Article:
Postpyloric feeding may facilitate tolerance to enteral nutrition (EN) and offers an alternative route of feed administration when prepyloric EN fails. However, this is constrained by the difficulty of establishing nasojejunal (NJ) tube placement, which may necessitate endoscopy or radiology with the inevitable delay in the instigation of treatment. A bedside technique of NJ tube insertion has, therefore, been developed to permit blind postpyloric intubation. The primary aim of this audit was to validate the success of bedside NJ tube placement using the described technique. Secondary end points included the time taken to establish EN and the value of aspirate pH as an indicator of tube tip placement.Design:
District general hospital.Patients:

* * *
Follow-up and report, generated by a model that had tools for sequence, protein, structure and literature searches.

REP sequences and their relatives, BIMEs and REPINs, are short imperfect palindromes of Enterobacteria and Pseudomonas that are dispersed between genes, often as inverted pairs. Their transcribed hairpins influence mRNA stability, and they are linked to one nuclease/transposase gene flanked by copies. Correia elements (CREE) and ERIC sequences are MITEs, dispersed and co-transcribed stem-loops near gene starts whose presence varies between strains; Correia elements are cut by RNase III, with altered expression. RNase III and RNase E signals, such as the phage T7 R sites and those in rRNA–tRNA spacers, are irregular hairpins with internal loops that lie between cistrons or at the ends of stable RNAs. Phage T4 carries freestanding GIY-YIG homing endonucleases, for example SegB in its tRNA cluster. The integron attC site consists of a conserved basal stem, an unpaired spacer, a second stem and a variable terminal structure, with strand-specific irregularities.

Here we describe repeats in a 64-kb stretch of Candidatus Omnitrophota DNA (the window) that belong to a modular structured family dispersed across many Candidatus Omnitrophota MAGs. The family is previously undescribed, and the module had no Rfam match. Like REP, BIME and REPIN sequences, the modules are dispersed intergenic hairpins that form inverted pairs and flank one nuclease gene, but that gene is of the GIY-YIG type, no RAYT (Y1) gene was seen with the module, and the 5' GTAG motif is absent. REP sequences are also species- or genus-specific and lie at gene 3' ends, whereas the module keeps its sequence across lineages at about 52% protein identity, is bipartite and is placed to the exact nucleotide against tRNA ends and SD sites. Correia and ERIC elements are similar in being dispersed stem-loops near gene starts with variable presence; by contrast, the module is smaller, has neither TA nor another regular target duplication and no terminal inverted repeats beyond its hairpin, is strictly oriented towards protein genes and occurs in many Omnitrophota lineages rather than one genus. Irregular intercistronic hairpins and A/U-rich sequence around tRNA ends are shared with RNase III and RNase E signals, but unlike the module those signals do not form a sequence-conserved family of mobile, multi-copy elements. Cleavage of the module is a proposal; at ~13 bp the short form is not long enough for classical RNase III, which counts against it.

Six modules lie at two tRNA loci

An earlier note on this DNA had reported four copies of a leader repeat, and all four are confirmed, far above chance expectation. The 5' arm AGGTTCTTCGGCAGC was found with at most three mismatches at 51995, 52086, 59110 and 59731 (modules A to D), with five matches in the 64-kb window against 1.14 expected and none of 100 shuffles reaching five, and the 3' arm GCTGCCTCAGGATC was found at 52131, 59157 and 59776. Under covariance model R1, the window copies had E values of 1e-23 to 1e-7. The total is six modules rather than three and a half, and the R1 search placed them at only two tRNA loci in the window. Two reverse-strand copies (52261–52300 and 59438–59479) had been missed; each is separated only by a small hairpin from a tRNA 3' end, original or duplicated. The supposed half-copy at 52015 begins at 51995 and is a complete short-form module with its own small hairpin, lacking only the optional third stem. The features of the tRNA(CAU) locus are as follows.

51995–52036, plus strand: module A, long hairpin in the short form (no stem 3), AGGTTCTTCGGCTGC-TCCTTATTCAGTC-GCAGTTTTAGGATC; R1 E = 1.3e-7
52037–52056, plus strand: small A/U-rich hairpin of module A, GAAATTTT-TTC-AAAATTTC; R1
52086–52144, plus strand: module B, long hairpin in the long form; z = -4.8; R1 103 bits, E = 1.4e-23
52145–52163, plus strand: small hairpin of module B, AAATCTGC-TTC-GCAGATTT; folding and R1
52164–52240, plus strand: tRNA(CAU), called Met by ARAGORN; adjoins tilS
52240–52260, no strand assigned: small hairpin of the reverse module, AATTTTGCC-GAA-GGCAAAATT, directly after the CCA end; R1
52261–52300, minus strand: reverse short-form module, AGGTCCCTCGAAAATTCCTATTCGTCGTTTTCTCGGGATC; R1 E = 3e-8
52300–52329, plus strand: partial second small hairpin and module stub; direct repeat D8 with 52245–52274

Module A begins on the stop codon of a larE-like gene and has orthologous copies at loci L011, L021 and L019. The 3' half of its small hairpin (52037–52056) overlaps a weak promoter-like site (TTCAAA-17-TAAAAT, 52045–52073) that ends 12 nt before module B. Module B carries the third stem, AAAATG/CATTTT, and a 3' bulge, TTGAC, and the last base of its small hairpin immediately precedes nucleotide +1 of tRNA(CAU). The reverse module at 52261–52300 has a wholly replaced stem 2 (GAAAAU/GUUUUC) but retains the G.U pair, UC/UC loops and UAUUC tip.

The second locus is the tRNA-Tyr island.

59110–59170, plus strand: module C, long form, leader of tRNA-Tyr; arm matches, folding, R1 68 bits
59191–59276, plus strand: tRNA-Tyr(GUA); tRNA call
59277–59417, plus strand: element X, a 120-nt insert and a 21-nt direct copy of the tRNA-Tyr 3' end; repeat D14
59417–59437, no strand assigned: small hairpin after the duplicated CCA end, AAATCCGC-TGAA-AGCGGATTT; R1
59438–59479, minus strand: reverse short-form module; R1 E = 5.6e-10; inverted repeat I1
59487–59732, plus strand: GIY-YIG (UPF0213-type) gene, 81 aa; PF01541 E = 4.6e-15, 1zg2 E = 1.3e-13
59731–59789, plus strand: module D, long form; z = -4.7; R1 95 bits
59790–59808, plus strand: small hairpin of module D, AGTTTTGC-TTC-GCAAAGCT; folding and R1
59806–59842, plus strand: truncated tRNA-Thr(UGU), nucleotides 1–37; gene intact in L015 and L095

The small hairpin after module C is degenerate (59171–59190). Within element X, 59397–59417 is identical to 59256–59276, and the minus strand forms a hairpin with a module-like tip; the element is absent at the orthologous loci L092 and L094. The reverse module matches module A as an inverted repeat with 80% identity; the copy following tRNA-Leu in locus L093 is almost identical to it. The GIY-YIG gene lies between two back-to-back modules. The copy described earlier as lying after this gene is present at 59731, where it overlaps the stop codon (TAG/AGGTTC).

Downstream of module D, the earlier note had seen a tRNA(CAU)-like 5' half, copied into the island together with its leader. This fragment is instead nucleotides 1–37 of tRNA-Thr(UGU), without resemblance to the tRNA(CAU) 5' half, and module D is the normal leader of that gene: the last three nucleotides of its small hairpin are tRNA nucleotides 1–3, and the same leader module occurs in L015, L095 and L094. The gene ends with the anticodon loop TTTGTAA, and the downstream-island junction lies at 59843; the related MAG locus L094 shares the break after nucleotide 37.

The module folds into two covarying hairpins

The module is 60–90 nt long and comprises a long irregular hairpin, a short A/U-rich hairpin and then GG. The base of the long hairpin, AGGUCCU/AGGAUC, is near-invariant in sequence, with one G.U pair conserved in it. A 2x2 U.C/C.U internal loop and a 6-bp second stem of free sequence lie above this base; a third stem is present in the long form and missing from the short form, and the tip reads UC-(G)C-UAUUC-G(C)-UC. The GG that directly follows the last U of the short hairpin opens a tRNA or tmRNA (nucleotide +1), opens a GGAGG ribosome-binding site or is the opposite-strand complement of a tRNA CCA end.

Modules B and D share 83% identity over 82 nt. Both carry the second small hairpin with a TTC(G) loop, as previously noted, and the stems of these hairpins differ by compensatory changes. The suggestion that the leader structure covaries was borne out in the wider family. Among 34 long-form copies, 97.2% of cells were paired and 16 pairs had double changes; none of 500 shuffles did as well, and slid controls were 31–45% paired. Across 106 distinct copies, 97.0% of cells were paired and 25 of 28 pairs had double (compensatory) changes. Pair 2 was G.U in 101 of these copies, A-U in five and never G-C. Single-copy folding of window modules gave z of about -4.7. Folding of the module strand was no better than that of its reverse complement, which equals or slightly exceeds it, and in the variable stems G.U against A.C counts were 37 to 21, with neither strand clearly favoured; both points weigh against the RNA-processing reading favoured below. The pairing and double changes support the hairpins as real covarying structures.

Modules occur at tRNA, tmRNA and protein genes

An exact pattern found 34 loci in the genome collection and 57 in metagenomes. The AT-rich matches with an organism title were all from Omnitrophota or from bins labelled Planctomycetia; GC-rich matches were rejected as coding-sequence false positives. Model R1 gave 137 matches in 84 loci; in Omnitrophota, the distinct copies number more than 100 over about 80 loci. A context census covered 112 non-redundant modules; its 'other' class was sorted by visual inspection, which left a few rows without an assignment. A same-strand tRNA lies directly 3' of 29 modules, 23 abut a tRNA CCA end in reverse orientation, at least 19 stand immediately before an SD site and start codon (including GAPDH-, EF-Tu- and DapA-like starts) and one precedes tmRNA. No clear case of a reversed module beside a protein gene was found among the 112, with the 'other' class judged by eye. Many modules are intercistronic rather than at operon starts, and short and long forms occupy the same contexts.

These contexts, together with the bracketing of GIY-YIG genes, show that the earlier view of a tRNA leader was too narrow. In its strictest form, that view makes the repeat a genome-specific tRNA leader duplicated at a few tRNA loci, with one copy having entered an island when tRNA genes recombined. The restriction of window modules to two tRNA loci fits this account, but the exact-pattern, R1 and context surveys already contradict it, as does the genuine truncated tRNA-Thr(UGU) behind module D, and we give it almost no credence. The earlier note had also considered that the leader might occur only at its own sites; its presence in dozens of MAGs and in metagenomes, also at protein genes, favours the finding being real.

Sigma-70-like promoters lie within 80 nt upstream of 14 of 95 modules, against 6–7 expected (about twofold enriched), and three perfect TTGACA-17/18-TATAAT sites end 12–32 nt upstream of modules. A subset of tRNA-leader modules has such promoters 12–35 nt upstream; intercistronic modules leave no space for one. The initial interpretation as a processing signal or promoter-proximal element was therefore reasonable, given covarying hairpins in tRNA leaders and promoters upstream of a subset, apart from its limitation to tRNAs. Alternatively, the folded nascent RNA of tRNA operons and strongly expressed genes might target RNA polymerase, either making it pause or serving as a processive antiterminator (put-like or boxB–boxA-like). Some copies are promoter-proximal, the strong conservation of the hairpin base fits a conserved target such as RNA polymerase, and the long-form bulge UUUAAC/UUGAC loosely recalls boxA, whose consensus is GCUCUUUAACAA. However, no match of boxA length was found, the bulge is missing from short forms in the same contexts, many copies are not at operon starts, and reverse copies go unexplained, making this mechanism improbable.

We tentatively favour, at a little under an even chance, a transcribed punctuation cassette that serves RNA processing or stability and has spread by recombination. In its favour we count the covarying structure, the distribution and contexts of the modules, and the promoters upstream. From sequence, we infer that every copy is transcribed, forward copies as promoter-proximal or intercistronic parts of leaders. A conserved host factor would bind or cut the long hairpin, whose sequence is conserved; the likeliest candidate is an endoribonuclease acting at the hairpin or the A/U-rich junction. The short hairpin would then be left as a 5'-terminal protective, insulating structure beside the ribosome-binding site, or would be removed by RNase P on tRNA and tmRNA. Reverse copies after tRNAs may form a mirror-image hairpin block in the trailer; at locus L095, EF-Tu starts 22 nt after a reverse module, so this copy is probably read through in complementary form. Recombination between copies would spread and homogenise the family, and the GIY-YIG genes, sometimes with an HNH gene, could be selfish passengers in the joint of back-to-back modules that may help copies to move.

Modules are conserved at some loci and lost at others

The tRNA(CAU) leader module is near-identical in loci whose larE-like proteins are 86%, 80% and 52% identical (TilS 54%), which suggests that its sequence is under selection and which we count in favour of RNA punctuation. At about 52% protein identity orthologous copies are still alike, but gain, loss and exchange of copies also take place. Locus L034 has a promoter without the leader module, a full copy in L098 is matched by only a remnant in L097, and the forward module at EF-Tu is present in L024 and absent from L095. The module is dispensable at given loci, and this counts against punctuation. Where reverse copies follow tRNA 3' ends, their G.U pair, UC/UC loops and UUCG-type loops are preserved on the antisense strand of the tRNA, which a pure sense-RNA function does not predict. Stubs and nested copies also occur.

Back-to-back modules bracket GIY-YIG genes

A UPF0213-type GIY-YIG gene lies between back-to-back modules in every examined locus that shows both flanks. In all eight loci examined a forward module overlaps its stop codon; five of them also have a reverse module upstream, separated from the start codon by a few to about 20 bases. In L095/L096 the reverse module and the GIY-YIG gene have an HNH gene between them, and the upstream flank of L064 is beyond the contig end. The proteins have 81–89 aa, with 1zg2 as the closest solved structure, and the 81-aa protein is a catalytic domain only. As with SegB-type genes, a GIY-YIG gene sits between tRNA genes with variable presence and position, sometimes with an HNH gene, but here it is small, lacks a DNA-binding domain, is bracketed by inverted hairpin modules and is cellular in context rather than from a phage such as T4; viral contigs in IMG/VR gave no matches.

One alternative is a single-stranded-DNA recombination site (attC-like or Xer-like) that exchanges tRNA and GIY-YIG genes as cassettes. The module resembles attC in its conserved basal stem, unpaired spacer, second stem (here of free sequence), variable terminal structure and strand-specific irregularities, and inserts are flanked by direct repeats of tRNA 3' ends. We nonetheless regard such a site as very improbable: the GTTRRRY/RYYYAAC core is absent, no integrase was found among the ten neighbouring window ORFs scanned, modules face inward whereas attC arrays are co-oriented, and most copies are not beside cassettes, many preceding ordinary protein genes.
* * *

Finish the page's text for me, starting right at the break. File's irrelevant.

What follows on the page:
Consecutive patients requiring EN.Measurements and Main Results:
The time taken to insert the tubes, the success rates in achieving the required position, and the time between the decision to feed and commencement of EN were recorded. The pH of any aspirate obtained was related to tube tip placement. Tube position was confirmed radiologically before starting EN. A total of 43 NJ tubes were inserted in 32 patients. Successful postpyloric intubation was achieved in 35 of 43 patients (81%). The median time for tube insertion was 18 (14–30) minutes. Time from the decision to feed to commencement of EN was 6 (5–18) hours. Aspirates were obtained from 26 of 43 (60%) intubations. Gastric aspirate pH readings were obtained for 19 of 43 (44%) of these intubations. Radiology reliably demonstrated the position of the tube tip in all cases.Conclusions:
By-the-bedside NJ tube placement is possible in more than 80% of patients. This may overcome delays in the commencement of feeds resulting from other methods of postpyloric tube placement. The use of aspirate pH on its own is not a reliable indicator of tube tip position.